“Time to stop this nonsense and let people decide if this car crash is what they voted for.”  Vanessa Glynn, chair, European Movement in Scotland

Glynn continued: “Scotland benefits massively from Freedom of Movement, barrier-free trade with the world’s biggest market, billions of EU investment across our communities and protections for our working conditions and environment. 

“Scotland voted 62 per cent Remain and yet the level of engagement with UK Government has been derisory and the latest chapter concerning which powers will revert to Westminster and which to Holyrood simply underlines that.  

“If Theresa May is sincere in these assertions she needs to change her attitude to Scotland’s very clearly expressed democratic wishes. 

“Time to stop this nonsense and let people decide if this car crash is what they voted for.”

Jonathon Shafi, a Scottish independence campaigner who has been critical of the EU, told CommonSpace: “The Tories handling of Brexit has been cynical and chaotic. What is clear is that there is no agreed road-map for British capitalism. No one has any faith in the idea that today’s speech represents a unified approach to Brexit in the Tory party, never mind the country. 

“The Tories will stumble on, each day bringing fresh difficulties, but as each passes, we get closer to the crunch point. They have done nothing to foster good faith with Scotland, who they have undermined at every turn.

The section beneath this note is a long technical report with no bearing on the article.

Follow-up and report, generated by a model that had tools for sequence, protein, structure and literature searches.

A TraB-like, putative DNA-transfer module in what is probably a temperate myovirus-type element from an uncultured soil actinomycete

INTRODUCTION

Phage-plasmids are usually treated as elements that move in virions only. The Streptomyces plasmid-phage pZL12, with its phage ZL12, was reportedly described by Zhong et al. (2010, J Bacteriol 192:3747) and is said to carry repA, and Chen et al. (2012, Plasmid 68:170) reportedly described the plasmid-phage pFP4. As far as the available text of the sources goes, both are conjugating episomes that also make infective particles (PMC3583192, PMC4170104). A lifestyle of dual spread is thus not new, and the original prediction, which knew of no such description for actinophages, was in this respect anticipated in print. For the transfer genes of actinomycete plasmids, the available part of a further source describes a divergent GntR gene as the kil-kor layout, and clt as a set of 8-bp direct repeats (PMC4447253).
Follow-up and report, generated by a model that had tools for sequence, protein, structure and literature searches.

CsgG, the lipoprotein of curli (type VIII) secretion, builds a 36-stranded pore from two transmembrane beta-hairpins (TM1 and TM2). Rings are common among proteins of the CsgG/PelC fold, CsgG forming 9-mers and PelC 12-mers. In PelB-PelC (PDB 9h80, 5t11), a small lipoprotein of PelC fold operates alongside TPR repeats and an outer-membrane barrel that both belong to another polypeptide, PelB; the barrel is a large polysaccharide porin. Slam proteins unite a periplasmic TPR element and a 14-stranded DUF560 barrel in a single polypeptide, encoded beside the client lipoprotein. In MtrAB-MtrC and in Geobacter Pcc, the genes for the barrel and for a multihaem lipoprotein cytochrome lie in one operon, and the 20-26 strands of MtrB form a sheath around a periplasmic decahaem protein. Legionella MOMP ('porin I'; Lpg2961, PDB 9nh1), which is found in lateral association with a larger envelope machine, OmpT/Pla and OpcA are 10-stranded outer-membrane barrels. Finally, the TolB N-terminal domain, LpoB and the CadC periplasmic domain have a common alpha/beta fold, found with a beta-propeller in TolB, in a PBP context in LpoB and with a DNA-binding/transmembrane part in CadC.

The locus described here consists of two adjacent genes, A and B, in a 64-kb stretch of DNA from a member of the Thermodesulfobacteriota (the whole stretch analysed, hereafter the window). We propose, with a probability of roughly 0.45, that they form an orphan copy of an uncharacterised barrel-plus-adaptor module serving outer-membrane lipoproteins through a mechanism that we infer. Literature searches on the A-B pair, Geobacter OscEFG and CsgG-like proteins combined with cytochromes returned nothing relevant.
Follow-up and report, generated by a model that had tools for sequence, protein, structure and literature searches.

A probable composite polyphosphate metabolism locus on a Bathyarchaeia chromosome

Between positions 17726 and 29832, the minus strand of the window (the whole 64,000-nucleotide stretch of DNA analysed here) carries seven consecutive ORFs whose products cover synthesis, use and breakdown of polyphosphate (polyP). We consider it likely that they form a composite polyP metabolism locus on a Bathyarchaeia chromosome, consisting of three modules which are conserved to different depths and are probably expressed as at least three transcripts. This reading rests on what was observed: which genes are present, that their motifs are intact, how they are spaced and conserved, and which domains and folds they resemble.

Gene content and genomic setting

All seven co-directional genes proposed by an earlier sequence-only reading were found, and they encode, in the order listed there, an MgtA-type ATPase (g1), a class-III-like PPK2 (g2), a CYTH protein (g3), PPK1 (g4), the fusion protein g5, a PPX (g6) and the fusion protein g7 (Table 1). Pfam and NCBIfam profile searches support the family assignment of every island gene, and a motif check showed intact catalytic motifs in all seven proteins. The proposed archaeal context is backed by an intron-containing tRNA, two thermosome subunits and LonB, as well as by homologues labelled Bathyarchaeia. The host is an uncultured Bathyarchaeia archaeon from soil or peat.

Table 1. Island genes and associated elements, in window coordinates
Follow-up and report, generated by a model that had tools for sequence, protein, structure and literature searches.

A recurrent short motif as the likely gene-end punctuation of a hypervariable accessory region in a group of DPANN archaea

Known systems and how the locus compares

“While I argue against EU membership  – the democratic deficit has never been more profound.” Jonathon Shafi, Scottish independence campaigner

“While I argue against EU membership  – the democratic deficit has never been more profound. The British state, therefore, faces multiple fronts, and its fragmented leadership lacks a strategy. This gets more obvious, as the statements from the Foreign Secretary get more ridiculous. But post-Brexit Britain is not shaping up in the image of Farage.”

He added: “In all of this is a huge opportunity for the left to make its presence felt. We can resolve the crisis on our terms – but that means opposing establishment institutions, and mapping out a radical alternative to Tory Brexit. 

“That doesn’t mean building coalitions with the Lib Dems, or putting the likes of John Major on a pedestal. It means striking out with an agenda of our own – based on democracy, economic transformation and real internationalism. 

“Whatever your view one thing is clear – the Tories are in a swamp. And today’s speech won’t get them out of it.”

“Westminster isn’t working and the current Government isn’t either.” Scottish Independence Convention

Scottish Labour leader Richard Leonard said the Tories could not be trusted to “strengthen the Union of nations that make up the United Kingdom”.

Also speaking to CommonSpace, a spokesperson from the Scottish Independence Convention said: “As a total Tory Brexit Britain gets even closer, and as the powers of the Scottish Parliament come under threat from her Government, Theresa May has once again called for Brexit to strengthen the United Kingdom, while driving an ever-growing wedge between Westminster and the devolved parliaments.

“Westminster isn’t working and the mismanagement over Brexit shows that the current Government isn’t either.”

Picture courtesy of Arno Mikkor